This sure looks like a Cockroach molting to us.  The exoskeleton of an insect is rigid and does not expand, so when it is time for an insect to grow or metamorphose, it splits its skin and emerges with a new exoskeleton that allows it to increase in size or to change its appearance.  The new exoskeleton if often lighter in color until it hardens and darkens.

What's That Bug? does not endorse extermination

Subject: School Project
Location: High Desert California
May 3, 2014 11:11 am
I was assigned a project to pin bugs and give their scientific names but I can’t find the name of this bug.
Signature: Confused Student

Female Turkestan Cockroach

Possibly Female Turkestan Cockroach

Dear Confused Student,
Though we have issues with doing homework projects, your email indicates that you have identified other specimens but this Cockroach is a remaining challenge. At first we thought this might be a  female Turkestan Cockroach,
Shelfordella lateralis, an Invasive Exotic species that exhibits pronounced sexual dimorphism, that was allegedly “introduced to the US in the late 1970s, presumably by military personnel returning from the Middle East” according to BugGuide.  We first posted images of Turkestan Cockroaches in 2011.  Your individual appears to lack the “short whitish lateral dash at base of wing” which are a diagnostic characteristic, according to BugGuide.  This individual from BugGuide also lacks the lateral dashes at the base of the wings.  We will attempt to substantiate our tentative identification.

What's That Bug? does not endorse extermination

Subject: HELP!!!!
Location: SC
May 2, 2014 5:35 am
Hi! I am finding these bugs everywhere. They are mostly around windows and are all small… No longer than half of my pinky nail. I’ve looked around at different photographs and am finding conflicting answers. TIA for your help!!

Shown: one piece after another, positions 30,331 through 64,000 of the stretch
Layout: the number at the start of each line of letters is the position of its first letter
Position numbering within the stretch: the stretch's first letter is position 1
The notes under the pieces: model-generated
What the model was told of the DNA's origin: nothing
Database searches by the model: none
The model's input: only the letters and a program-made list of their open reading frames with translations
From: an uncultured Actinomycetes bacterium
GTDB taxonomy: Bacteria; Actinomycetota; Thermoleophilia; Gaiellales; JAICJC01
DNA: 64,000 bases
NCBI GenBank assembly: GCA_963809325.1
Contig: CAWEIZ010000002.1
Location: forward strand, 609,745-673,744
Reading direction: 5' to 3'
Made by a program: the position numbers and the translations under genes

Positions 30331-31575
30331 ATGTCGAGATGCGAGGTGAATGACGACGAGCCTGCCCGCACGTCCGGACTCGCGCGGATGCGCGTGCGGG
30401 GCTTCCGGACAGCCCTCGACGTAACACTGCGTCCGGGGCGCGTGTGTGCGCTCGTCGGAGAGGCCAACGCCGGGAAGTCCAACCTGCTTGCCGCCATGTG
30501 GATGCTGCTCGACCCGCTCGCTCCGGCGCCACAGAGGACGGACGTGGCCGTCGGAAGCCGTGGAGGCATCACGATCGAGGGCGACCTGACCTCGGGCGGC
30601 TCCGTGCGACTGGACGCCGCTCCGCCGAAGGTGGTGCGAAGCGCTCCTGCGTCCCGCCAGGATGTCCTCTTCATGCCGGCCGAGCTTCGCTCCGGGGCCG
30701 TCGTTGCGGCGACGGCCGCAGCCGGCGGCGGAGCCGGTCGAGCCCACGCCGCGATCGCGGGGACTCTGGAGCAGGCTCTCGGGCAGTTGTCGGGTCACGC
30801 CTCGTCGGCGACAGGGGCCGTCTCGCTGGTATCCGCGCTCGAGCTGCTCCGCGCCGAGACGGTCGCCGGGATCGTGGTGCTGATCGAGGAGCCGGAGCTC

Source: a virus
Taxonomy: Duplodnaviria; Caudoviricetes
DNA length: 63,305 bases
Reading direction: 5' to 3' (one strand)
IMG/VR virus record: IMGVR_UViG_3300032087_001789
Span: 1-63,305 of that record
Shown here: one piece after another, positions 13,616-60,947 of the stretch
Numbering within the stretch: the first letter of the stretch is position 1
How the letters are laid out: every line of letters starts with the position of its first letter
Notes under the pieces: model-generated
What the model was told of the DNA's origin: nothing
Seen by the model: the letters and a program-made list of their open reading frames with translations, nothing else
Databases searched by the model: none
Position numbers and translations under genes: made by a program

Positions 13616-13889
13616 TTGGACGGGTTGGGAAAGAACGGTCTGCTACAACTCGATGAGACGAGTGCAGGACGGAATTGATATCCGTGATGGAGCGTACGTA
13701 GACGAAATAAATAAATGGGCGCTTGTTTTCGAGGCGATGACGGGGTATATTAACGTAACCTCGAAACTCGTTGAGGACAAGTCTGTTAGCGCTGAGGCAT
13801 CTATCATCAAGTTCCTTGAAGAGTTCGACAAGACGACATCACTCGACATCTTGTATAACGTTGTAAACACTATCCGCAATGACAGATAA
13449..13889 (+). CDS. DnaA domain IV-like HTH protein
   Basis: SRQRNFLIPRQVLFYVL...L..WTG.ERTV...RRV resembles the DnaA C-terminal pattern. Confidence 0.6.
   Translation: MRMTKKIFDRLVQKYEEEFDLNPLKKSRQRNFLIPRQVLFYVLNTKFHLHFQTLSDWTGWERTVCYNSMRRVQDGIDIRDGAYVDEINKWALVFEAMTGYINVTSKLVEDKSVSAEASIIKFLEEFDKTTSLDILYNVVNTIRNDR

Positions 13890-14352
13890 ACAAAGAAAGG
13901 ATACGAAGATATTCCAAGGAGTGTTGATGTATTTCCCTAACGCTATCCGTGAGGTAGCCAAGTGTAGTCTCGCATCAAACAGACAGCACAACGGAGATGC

Signature: Sarah

Smoky Brown Cockroach Nymph

Smoky Brown Cockroach Nymph

Hi Sarah,
Though it is not normally listed as a species that infests homes, we have gotten numerous reports of sightings of Smoky Brown Cockroach,
Periplaneta fuliginosa, nymphs in homes, so we have begun tagging them as Household Pests.  The University of Minnesota Extension site lists the home infesting Cockroaches as:  “There are four kinds of cockroaches that can infest homes in Minnesota, including German cockroach, brownbanded cockroach, American cockroach, and Oriental cockroach. These four species can be major pests in restaurants, hospitals, warehouses, offices and buildings with food-handling areas. “  We will seek another opinion on the pest status of the Smoky Brown Cockroach.

Update to Pest Status Inquiry by Eric Eaton
Daniel:
I have no answer for this….although it is highly possible that the females deposit their egg cases (oothecae) in crevices under siding or something and then the nymphs initially find their way indoors.  That is my only theory.  I have certainly seen adults of this species crawling around the exterior of buildings.
Eric

Hi, thanks for your reply. I live in a heavy wooded area on the water so I was assuming it might be a baby waterbug as we call them in SC.

What's That Bug? does not endorse extermination